To tweet or not to tweet during tragic breaking news

Last week, when news broke on social media channels about the Boston Marathon explosions, there was nearly immediate pressure for brands, businesses and individuals to cease all prescheduled content, though a quiet minority advocated business as usual. A number of different reasons were expressed for or against continuing business content. Most the views were pure black and white - either business as usual or pause all business promotion.

Tweeting through tragedy - perspectives

I prefer a moderate approach, but I’d like to offer a different perspective on each of the arguments I encountered.

1) Promotional content was seen by many as insensitive in light of the Boston Marathon news. Others felt that Twitter needed to be an open channel for communications; turn off all the promotional noise.

Twitter is always an open channel for communication. It’s also always a repository of noise. (Most) savvy users know how to control the volume through the use of hashtags, lists and unfollows.

2) Many felt that since tweets don’t stop when thousands are dying every day in civil wars across the world, then there is no reason for them to stop for Boston.

It’s true - the tweets don’t stop for so many other tragedies around the world every single day.

But isn’t it possible that the businesses geographically close to those tragedies ceased communications? Boston is close to home for those of us in North America and people travel from all over the world (thought primarily North America) to participate. I would not blame one single person in Europe, Asia, Australia and other places for continuing their day as usual.

3) Alongside pleas for sensitivity were complaints about those complaining about scheduled content.

I never know how to take tweets that are complaining about someone complaining, but in this case a friend made a good point. She stated categorically that they were annoying when she found it quite easy to ignore the scheduled content. (See? Savvy users get good at filtering, even on the fly.)

4) There were folks who felt there was no reason for any business or any individual to change social network activity, because life goes on.

Life does go on, but in the hours just after tragic news breaks, the openness of the audience has to be taken into consideration. From a purely selfish perspective of wanting their eyeballs on my content, are those hours the best time to continue with the status quo?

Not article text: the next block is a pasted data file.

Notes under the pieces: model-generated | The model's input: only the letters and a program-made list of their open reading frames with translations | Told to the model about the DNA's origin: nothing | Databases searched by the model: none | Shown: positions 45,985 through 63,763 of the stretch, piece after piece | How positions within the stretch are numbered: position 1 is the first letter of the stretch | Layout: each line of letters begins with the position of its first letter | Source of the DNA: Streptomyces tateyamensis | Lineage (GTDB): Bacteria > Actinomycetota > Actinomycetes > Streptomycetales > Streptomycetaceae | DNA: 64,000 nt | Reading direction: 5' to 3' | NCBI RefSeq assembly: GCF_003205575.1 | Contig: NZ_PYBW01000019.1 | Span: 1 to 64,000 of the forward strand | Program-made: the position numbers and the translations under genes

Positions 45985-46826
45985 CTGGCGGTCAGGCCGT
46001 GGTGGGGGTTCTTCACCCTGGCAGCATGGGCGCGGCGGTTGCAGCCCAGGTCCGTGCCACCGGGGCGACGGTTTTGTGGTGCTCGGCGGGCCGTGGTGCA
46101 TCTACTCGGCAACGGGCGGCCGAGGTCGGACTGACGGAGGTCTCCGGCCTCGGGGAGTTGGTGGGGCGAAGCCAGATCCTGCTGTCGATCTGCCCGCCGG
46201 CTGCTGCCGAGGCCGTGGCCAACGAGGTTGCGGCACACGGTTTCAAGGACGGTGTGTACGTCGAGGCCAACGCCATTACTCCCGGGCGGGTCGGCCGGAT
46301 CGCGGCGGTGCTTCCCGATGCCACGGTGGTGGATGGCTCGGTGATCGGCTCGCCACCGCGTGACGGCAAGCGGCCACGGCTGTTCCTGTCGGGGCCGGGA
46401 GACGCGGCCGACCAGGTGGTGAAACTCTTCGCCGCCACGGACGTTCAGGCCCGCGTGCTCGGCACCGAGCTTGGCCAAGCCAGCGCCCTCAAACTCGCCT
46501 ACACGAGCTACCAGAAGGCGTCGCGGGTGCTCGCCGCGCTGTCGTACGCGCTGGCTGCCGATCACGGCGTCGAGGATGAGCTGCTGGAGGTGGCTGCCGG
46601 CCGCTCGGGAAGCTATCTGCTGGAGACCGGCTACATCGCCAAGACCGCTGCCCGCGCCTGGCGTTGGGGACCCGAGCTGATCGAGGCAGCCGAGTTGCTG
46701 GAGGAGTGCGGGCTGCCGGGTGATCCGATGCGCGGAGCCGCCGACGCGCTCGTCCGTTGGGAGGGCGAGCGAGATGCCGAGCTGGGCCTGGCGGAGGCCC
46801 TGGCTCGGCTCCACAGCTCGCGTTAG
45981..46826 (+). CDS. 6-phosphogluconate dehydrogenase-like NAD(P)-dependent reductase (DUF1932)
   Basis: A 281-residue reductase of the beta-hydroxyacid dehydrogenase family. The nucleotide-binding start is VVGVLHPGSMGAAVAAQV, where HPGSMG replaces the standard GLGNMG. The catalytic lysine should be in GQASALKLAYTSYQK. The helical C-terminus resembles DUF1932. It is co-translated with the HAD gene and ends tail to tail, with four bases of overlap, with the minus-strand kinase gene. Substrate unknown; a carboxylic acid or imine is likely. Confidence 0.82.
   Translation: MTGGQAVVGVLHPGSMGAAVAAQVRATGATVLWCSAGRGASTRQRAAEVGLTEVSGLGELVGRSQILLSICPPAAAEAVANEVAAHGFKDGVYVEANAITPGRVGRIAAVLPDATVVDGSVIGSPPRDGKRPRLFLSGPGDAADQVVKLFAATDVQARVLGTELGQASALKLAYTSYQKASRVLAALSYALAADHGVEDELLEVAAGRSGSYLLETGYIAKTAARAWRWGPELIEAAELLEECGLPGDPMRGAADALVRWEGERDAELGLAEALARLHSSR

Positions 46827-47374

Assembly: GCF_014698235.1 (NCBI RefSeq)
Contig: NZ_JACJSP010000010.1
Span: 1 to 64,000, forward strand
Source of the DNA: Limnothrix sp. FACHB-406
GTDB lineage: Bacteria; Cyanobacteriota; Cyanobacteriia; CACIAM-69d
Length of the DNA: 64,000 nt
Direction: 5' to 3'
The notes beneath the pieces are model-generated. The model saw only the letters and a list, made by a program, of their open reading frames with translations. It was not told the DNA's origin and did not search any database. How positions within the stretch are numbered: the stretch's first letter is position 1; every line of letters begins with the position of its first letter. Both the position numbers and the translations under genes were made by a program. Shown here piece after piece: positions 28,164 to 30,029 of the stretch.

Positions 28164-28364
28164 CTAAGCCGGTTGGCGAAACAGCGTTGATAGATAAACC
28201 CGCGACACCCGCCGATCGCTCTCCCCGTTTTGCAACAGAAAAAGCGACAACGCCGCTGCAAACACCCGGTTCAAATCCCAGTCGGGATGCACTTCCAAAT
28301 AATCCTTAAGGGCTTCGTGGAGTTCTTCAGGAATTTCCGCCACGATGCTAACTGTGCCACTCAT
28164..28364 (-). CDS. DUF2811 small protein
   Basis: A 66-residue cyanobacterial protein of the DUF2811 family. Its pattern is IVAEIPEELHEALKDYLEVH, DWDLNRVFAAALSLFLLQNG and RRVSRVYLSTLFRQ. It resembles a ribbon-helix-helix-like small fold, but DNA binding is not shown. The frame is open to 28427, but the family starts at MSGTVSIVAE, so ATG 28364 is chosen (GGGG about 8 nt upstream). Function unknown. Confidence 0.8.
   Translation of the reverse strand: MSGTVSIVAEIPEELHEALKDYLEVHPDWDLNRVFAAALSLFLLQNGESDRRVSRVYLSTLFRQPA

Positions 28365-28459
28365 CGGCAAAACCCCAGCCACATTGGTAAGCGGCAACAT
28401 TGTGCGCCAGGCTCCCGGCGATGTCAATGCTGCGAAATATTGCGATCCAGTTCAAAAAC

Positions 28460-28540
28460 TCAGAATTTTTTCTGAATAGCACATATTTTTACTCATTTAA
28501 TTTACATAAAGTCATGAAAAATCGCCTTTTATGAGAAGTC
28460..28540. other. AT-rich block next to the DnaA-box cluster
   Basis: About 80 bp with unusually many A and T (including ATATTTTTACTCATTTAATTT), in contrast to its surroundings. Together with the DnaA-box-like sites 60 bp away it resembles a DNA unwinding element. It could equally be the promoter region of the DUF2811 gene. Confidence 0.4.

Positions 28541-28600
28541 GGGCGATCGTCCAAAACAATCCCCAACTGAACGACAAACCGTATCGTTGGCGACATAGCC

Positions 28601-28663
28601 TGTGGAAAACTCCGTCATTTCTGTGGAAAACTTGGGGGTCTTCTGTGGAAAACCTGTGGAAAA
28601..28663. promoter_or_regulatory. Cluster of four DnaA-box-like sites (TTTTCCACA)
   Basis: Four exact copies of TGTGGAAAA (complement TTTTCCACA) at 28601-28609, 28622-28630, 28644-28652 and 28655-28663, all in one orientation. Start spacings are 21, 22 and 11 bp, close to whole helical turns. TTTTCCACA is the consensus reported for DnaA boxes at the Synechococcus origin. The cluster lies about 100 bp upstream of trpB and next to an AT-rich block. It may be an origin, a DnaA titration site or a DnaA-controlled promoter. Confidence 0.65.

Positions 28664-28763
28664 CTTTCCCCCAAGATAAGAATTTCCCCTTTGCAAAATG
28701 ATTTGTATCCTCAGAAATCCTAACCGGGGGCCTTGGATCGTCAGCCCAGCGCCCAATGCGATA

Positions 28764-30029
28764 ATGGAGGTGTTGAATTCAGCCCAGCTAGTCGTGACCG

That answer might be very different depending on the locale of your audience. In the case of the Boston Marathon, many North Americans were riveted to the news for hours after it broke. 

5) You can’t spend all day watching the news. Distractions are healthy.

This is true, likely even more so when the enormity of the news is so hard to comprehend.

What’s the right answer?

All these concerns leave businesses with the dilemma of what to do. It also re-ignited the never-ending debate about scheduled posts. (This debate is exhausting…maybe we should just agree to disagree.) Those against scheduled content cited the Boston Marathon as a perfect example of why it’s a bad idea to schedule. Whether I put content in an editorial calendar or book it to go from Hootsuite, it’s still planning. There is no way to anticipate in either circumstance what could potentially happen in the world. If we worried about how every tweet was going to be perceived in light of the breaking news, we’d never tweet anything.

Whether you have scheduled posts or not, it’s possible to remain ignorant of the news even if you’re actively using a channel. Personally, I was monitoring a conference feed when the news broke. Had I not flipped over to Facebook, I wouldn’t have known and likely would have tweeted seemingly frivolous live content.

Large corporations have more resources than small businesses. They may schedule content, but there is greater capacity to monitor. Keeping tabs on breaking news is likely included in their monitoring practices (to some degree). This is rarely possible for small businesses. In light of this, there needs to be some understanding of the challenges of being a small biz in particular. However, let’s not crucify big businesses either. No business can have someone watching everything on social media 24/7/365. 

Listen and Act

The ultimate barometer for your choice is your audience:

  • Are they tweeting about the news constantly?
  • Do you see complaints about promotional content?
  • Have they specifically asked you to stop?

After considering all of those things, what does your gut tell you to do? Do that and you’ll make the right choice for your business.

What else do businesses need to factor in when deciding how to manage social media activity during breaking news? And how did you respond to the news out of Boston last week?